Cell Phone Ad Invasion On The Way

Ads are coming your way, and soon. The medium is just too lucrative for advertisers to ignore. So get your mobile marketing hat on and join in the fray.

Already, ads are creeping onto cell phones around the globe. At this rate, experts say, it won’t be long before the world’s 2.2 billion mobile phone users think it natural to tune into a 15-second spot before watching a video, sending a message or listening to a downloaded song in between phone conversations.

“This is the year that advertising Email Marketing Software – Free Demo breaks out worldwide,” said Laura Marriott, the executive director of the Mobile Marketing Association, based in Boulder, Colo., which represents more than 400 advertisers, phone manufacturers, operators and market research firms. “Previously, there were not enough of the right phones and fast networks to support good advertising.”

Who is leading the way? Yahoo! Don’t think for a minute that it is a small time play either. Far from it, the usual suspects have signed with Yahoo. Pepsi, Procter & Gamble, Hilton, Nissan and Intel. And that’s just for starters.

This time they’re playing it smart too,

“The mobile phone is a pristine media and we have to be sure not to ruin that,” Parodi said.

Is it time for you to begin thinking about mobile marketing?


  1. I love this quote – I’m not sure whether it makes me want to laugh hysterically or cry

    “The mobile phone is a pristine media and we have to be sure not to ruin that,”

    And they speak of it as something new and innovative. Mobile marketing has been alive and well in Europe for several years and companies like Land Rover were doing some very innovative mobile marketing in the UK over 12 months ago.

  2. DG

    This particular area of the rain forest has remain untouched for centuries, we kept that in mind when we built the monorail and the resort…

    The U.S. lags nn cell coverage as well as cell innovation but I’m sure that when it comes to advertising, we’ll catch up. ; )

  3. I honestly think that cellphone marketing is an intrusion too far into people’s lives. Web ads, TV ads, etc are all part and parcel of the modern world, but I hate text message ads or random phone calls with a vengence.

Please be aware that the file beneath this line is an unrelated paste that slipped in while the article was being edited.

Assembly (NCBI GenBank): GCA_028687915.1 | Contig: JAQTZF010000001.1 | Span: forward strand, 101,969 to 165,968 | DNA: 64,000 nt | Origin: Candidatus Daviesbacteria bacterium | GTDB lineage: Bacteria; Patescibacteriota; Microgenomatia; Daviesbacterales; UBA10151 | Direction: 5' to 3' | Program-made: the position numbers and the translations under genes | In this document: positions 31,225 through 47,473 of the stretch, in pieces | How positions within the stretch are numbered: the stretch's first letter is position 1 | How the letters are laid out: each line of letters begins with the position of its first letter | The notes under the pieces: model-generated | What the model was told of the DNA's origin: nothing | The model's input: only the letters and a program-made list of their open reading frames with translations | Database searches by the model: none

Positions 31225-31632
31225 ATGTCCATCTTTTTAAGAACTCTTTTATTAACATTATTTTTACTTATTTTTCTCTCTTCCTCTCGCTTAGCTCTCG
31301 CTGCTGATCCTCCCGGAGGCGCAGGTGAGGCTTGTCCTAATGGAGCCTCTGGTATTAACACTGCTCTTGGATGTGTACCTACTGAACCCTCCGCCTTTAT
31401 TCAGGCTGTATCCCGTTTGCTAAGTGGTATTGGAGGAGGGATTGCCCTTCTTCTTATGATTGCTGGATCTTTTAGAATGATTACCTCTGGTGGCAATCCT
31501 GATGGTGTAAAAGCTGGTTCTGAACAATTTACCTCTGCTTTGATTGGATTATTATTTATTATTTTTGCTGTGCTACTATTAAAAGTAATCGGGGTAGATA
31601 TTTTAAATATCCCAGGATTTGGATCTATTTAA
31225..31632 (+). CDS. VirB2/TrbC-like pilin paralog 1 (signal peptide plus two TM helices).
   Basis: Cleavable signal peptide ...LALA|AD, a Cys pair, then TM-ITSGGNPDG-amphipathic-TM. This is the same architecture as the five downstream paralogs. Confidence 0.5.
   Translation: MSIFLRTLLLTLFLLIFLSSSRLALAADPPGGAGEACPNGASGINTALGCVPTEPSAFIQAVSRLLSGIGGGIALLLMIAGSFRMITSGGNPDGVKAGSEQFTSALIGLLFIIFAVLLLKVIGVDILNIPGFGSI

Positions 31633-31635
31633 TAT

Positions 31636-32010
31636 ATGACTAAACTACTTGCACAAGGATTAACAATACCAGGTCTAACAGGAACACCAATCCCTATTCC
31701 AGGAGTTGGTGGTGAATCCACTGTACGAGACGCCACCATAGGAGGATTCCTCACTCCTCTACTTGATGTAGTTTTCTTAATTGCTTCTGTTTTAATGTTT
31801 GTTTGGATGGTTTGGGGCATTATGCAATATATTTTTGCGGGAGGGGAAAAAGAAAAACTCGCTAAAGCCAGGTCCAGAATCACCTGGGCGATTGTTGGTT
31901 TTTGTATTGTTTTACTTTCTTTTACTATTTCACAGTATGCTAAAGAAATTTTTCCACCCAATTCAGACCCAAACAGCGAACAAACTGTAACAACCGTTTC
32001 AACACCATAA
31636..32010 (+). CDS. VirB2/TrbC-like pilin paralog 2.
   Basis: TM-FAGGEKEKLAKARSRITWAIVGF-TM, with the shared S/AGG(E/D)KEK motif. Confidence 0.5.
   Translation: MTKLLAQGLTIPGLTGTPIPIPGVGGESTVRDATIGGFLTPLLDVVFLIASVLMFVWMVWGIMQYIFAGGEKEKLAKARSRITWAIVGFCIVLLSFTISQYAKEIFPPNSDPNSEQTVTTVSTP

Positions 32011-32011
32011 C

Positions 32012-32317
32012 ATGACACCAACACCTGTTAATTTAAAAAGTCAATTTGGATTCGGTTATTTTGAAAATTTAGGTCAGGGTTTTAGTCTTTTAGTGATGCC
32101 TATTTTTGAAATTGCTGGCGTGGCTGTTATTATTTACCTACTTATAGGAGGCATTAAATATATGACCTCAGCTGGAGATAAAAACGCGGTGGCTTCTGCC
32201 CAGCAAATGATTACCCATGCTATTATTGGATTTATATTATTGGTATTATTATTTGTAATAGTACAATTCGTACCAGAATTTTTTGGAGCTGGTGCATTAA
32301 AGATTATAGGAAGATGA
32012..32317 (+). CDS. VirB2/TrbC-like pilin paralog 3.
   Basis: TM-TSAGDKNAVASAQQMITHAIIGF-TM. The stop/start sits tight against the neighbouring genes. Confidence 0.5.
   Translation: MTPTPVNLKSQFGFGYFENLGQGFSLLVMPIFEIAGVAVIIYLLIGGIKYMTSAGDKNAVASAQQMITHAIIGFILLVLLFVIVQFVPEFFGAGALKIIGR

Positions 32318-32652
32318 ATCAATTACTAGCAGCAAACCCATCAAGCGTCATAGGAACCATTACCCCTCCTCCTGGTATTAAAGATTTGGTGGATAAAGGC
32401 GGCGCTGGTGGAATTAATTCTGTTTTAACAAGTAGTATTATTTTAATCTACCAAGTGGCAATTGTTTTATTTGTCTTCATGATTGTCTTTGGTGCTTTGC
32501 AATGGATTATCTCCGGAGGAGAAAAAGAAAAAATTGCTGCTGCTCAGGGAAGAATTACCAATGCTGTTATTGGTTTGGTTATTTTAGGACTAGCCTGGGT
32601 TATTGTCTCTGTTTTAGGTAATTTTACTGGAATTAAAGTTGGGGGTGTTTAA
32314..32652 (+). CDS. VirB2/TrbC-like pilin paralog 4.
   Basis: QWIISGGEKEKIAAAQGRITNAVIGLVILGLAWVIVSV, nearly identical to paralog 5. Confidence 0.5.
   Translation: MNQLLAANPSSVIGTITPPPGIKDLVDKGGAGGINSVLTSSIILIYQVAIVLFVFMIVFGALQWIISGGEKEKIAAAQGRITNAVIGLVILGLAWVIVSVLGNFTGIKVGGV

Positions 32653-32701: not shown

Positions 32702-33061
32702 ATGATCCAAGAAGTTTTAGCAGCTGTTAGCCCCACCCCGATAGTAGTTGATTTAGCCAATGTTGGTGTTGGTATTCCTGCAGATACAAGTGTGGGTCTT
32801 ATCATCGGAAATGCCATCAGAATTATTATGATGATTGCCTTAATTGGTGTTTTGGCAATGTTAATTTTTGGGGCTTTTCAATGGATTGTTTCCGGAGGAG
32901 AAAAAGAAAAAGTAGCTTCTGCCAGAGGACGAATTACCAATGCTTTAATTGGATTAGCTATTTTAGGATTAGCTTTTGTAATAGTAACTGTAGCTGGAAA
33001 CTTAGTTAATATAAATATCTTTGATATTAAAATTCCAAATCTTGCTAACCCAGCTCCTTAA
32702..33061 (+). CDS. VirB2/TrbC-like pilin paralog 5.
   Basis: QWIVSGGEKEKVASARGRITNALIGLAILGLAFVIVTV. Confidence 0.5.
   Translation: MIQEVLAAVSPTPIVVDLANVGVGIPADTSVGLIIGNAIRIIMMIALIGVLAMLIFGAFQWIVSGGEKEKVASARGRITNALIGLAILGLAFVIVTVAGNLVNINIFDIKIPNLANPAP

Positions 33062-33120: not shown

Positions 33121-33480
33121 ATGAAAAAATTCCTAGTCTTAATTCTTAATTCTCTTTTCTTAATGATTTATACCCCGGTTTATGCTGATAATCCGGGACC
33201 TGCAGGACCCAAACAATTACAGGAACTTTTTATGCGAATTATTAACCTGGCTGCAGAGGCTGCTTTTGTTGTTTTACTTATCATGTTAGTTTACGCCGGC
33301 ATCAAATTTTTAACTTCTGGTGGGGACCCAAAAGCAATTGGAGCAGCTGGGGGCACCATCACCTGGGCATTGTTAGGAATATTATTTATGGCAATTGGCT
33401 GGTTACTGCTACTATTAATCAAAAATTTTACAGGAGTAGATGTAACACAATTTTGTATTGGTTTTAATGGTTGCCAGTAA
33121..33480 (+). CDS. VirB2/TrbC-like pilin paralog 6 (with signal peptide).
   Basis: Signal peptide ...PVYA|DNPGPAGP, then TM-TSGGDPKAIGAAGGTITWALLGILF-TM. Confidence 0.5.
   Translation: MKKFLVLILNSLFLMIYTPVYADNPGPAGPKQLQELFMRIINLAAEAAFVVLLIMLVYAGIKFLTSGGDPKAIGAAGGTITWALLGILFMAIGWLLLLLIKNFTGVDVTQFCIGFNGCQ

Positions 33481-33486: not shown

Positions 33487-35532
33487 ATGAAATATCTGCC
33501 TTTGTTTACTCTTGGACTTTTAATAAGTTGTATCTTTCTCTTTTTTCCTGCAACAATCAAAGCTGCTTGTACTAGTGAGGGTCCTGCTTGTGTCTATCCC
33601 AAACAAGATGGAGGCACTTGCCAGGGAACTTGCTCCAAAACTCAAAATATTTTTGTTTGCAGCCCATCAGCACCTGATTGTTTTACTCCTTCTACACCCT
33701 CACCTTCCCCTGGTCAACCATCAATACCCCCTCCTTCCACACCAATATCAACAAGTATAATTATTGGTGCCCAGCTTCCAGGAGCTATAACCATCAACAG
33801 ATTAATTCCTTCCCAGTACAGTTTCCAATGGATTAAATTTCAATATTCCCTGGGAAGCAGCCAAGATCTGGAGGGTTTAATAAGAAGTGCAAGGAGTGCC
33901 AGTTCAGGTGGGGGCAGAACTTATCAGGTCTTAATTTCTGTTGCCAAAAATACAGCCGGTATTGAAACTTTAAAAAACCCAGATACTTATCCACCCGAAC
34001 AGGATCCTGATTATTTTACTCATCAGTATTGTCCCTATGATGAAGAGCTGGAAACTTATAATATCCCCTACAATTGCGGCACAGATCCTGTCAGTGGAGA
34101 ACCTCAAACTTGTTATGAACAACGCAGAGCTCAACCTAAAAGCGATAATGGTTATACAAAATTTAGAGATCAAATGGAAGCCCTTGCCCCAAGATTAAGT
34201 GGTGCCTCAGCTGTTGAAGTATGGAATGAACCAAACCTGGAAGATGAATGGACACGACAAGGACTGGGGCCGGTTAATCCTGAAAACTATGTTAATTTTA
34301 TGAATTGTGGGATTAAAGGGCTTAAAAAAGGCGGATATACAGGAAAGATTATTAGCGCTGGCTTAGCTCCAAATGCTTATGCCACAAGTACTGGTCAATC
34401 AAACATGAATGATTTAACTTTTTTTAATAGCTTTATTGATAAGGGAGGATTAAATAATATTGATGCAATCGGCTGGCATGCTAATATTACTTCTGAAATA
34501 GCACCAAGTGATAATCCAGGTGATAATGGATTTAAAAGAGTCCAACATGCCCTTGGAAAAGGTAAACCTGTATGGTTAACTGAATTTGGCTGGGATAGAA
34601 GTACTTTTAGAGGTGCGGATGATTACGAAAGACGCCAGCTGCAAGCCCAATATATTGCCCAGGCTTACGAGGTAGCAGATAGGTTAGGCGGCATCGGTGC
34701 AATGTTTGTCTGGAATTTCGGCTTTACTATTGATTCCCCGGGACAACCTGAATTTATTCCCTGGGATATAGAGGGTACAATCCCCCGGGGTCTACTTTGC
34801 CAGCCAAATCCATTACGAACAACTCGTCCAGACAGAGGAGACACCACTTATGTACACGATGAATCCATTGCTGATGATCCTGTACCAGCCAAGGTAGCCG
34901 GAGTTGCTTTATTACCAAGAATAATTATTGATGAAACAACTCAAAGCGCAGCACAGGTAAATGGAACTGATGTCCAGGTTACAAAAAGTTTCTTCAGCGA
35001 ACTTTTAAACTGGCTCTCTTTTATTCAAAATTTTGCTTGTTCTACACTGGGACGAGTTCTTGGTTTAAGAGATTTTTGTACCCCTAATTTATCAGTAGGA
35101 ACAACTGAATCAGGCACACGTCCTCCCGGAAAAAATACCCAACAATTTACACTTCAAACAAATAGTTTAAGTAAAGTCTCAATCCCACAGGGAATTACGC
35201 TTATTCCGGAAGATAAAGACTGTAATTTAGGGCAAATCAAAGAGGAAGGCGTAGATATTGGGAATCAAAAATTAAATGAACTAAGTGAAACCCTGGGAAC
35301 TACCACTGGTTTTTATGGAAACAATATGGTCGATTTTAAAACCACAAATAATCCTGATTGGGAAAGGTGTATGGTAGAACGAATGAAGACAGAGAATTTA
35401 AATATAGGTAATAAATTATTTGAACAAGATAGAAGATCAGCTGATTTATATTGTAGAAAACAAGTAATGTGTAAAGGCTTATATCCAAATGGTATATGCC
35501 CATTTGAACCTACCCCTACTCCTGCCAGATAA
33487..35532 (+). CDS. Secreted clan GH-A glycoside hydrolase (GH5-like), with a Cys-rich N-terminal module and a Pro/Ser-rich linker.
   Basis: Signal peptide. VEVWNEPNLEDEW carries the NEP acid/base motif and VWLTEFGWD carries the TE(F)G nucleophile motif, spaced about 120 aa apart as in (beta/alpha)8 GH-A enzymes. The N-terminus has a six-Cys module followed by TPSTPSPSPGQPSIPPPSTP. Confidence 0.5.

I recently got myself a new phone and for the first week Vodaphone sent me text messages at the same time each morning informing me of random services, and finally called me up for a “chat” the next week. It pissed me off royally! :)

    I think businesses look at new technology in such a bland and boring way – ooh let’s throw some old skool adverts on it! Score!

    I remember back in my Uni days, brainstorming with my Marketing lecturer about how new developments would change marketing. Example – using mobile phones and (for example) Bluetooth technology to pay for goods at a vending machine instead of using cash. This would be a great application of the technology – useful for users, great for the companies involved – but God forbid businesses actually put some thought into developing interesting and innovative things like this…


  4. There are some places I don’t want to see advertising. I get enough interruptions from my phone without tons of advertising (even targeted) getting through, yuk

  5. DG

    >>pay for goods at a vending machine

    That’s already happening. Just wondering how long it takes before e see more Push technology.

    >>I get enough interruptions

    I think most people see it as too intrusive. But what if the phone were free? Or the rates were greatly reduced? Remember that Google statement about ‘cell phones should be free’? I thik they’ll find a market. But I don’t foresee saturation any time soon.

  6. While some might think that Push technology is extremely intrusive if it’s done right I think that it can be well received by consumers.

    Here where I live many tourists see Hervey Bay as a launching pad to other places and a regular comment that I see on the blogs that many tourists keep while they’re traveling is that there’s nothing much to do here.

    But what if the local tourist office used Push technology to give visitors a brief virtual tour of the city? What if local restaurants and cafes used Push technology to let visitors know what was on offer around lunch or dinner time? What if the local authorities used Push technology to warn visitors of any special ordinances that might be in force here in town that they may not have encountered in other places?

    In Second Life some marketers are already using a form of Push technology and personally I find it more helpful than intrusive. But the key is having it ‘done right’ and sadly too many marketers just can’t help themselves when it comes to any form of marketing.

  7. Still bracing myself for the commercial flood. I have seen some, but it is the quite before the storm.

  8. DG

    Hello Fred,

    Push tech is much more common overseas, the States are slow to adopt, resistant to the change as many feel it’s too intrusive.

    That’s why I think Google is making the push toward free cellphones, solely because they can push ads.

  1. 1 Friday Tea Time - 2/23/07 » TheMadHat

    […] you’re not paying attention every week I’ll try again. DigitalGhost has a brief post on cell phone ads, Search Engine Land has a breakdown on text message marketing, and Business Week has a good writeup […]

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